Professor Jonathan R. Siegel · 83 Geo. Wash. L. Rev. 1642 · The Administrative Conference of the United States (“ACUS”) has played an important role in improving the system of lawsuits against the federal government. ACUS should continue to play this role, for which it is uniquely well suited. Because it does...
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States vs. FDA

Professor Catherine M. Sharkey · 83 Geo. Wash. L. Rev. 1609 · In the United States, food and drug safety is regulated in two ways: a stringent ex ante, national regime led by the Food and Drug Administration (“FDA”) and a robust ex post system of state-law enforcement. This federalist structure of...
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A Government Success Story: How Data Analysis by the Social Security Appeals Council (with a Push from the Administrative Conference of the United States) is transforming Social Security Disability Adjudication

Administrative Appeals Judge Gerald K. Ray and Professor Jeffery S. Lubbers · 83 Geo. Wash. L. Rev. 1575 · This Article for the special issue on the Administrative Conference of the United States (“ACUS”) focuses on how a collaboration between ACUS and the Social Security Administration (“SSA”) has helped SSA use data...
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The Administrative Conference and Empirical Research

Professor Richard J. Pierce, Jr. · 83 Geo. Wash. L. Rev. 1564 · This article describes the ways in which ACUS has encouraged scholars to engage in empirical research and some of the results of those efforts. It then discusses the many important characteristics of the notice and comment rulemaking process and...
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The Administrative Conference of the United States and Its Work on the Freedom of Information Act: A Look Back and a Look Forward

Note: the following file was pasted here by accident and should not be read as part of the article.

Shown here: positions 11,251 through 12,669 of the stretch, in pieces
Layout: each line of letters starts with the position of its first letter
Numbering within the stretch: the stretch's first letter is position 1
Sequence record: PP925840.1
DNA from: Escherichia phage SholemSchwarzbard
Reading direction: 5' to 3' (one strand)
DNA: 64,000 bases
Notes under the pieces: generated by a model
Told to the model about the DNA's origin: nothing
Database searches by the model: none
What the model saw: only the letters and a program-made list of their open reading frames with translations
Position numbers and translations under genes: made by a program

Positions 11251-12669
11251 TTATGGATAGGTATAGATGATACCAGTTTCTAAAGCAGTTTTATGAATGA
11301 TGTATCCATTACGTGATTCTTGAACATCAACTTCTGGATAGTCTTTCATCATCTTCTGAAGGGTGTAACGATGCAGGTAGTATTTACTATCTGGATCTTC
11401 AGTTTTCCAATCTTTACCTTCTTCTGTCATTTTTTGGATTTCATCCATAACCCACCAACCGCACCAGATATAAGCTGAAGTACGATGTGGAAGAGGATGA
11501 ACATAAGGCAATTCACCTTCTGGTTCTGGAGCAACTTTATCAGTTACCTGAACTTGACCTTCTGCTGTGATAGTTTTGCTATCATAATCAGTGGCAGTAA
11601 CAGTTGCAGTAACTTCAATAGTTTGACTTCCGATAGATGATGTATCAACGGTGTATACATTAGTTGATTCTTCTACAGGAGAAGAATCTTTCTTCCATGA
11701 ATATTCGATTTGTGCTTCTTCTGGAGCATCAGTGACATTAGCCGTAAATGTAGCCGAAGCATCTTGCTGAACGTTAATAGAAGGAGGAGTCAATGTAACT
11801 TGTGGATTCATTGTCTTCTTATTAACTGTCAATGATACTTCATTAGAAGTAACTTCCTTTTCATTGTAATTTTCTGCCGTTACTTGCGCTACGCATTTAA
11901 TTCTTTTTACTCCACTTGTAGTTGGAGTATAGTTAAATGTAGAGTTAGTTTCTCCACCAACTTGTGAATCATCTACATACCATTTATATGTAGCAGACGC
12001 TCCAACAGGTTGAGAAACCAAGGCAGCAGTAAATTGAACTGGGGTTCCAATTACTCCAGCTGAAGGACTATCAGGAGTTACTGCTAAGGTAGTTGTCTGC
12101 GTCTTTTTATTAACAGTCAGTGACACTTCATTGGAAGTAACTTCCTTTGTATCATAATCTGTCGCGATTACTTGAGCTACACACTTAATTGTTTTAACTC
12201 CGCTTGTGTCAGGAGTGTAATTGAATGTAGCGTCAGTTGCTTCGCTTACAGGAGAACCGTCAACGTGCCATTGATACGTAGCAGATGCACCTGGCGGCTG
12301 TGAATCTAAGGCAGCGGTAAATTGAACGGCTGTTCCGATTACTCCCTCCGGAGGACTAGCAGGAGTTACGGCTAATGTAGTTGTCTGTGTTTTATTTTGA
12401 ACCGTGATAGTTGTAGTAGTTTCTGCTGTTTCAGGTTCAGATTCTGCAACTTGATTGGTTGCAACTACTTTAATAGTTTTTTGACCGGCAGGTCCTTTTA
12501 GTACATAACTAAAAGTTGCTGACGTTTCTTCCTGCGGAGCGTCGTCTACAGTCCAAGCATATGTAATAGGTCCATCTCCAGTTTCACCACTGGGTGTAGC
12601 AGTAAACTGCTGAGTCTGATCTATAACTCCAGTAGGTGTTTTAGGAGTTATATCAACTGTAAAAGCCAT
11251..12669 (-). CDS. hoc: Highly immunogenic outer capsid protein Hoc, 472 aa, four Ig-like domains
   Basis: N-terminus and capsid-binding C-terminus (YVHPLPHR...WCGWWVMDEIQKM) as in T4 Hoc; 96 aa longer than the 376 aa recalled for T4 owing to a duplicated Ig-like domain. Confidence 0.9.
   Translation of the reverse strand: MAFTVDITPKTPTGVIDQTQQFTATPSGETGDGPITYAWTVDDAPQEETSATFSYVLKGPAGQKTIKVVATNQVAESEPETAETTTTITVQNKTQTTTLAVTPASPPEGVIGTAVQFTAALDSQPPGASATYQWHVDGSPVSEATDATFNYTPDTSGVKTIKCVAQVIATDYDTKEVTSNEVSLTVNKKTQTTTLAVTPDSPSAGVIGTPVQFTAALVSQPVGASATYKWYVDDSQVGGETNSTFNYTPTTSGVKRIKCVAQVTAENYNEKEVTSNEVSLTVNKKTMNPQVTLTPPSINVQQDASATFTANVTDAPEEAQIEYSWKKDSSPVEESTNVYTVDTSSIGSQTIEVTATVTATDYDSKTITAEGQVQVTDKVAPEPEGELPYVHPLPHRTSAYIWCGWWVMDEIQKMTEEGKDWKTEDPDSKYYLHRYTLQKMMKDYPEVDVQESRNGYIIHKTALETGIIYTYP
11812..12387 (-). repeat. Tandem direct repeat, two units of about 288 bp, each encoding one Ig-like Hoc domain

Dean Alan B. Morrison · 83 Geo. Wash. L. Rev. 1540 · The Administrative Conference of the United States (“ACUS”) celebrated its fiftieth anniversary in 2014 (disregarding a fifteen-year period of congressionally induced hibernation), and the Freedom of Information Act (“FOIA”) will celebrate a similar milestone either in 2016, fifty years after...
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Political Control and the Forms of Agency Independence

Professors David E. Lewis and Jennifer L. Selin · 83 Geo. Wash. L. Rev. 1487 · The legitimacy of the federal executive establishment’s administrative policies hinges on the ability of democratically elected officials to hold federal agencies accountable. While both the President and Congress have a variety of tools they can employ...
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The REINS Act: Unbridled Impediment to Regulation

Professor Ronald M. Levin · 83 Geo. Wash. L. Rev. 1446 · The Regulations from the Executive In Need of Scrutiny Act (“REINS Act”) is a legislative proposal that would greatly increase congressional control over administrative agency rulemaking. Under the bill, no “major rule” (a rule with a large economic impact) could...
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James Landis and the Dilemmas of Administrative Government

Associate Justice Mariano-Florentino Cuéllar · 83 Geo. Wash. L. Rev. 1330 · In the late 1930s, the administrative state was becoming an increasingly important component of American national government as the country recovered from the Depression and emerged as a preeminent geopolitical power. Amidst these changes, James Landis had a distinctive perspective...
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Public Participation and the Transatlantic Trade and Investment Partnership

Research Chief Reeve T. Bull · 83 Geo. Wash. L. Rev. 1262 · In the last several years, regulators in major industrialized states have increasingly focused on achieving greater integration between international regulatory regimes and eliminating unnecessary regulatory divergences that create barriers to trade. So-called international regulatory cooperation, which the Administrative Conference...
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ACUS—And Administrative Law—Then and Now

Professor Michael Herz · 83 Geo. Wash. L. Rev. 1217 · The Administrative Conference of the United States (“ACUS”) both shapes and reflects the intellectual, policy, and practical concerns of the field of administrative law. Its recommendations are therefore a useful lens through which to view that field. Also, because of an...
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Reflections on the Administrative Conference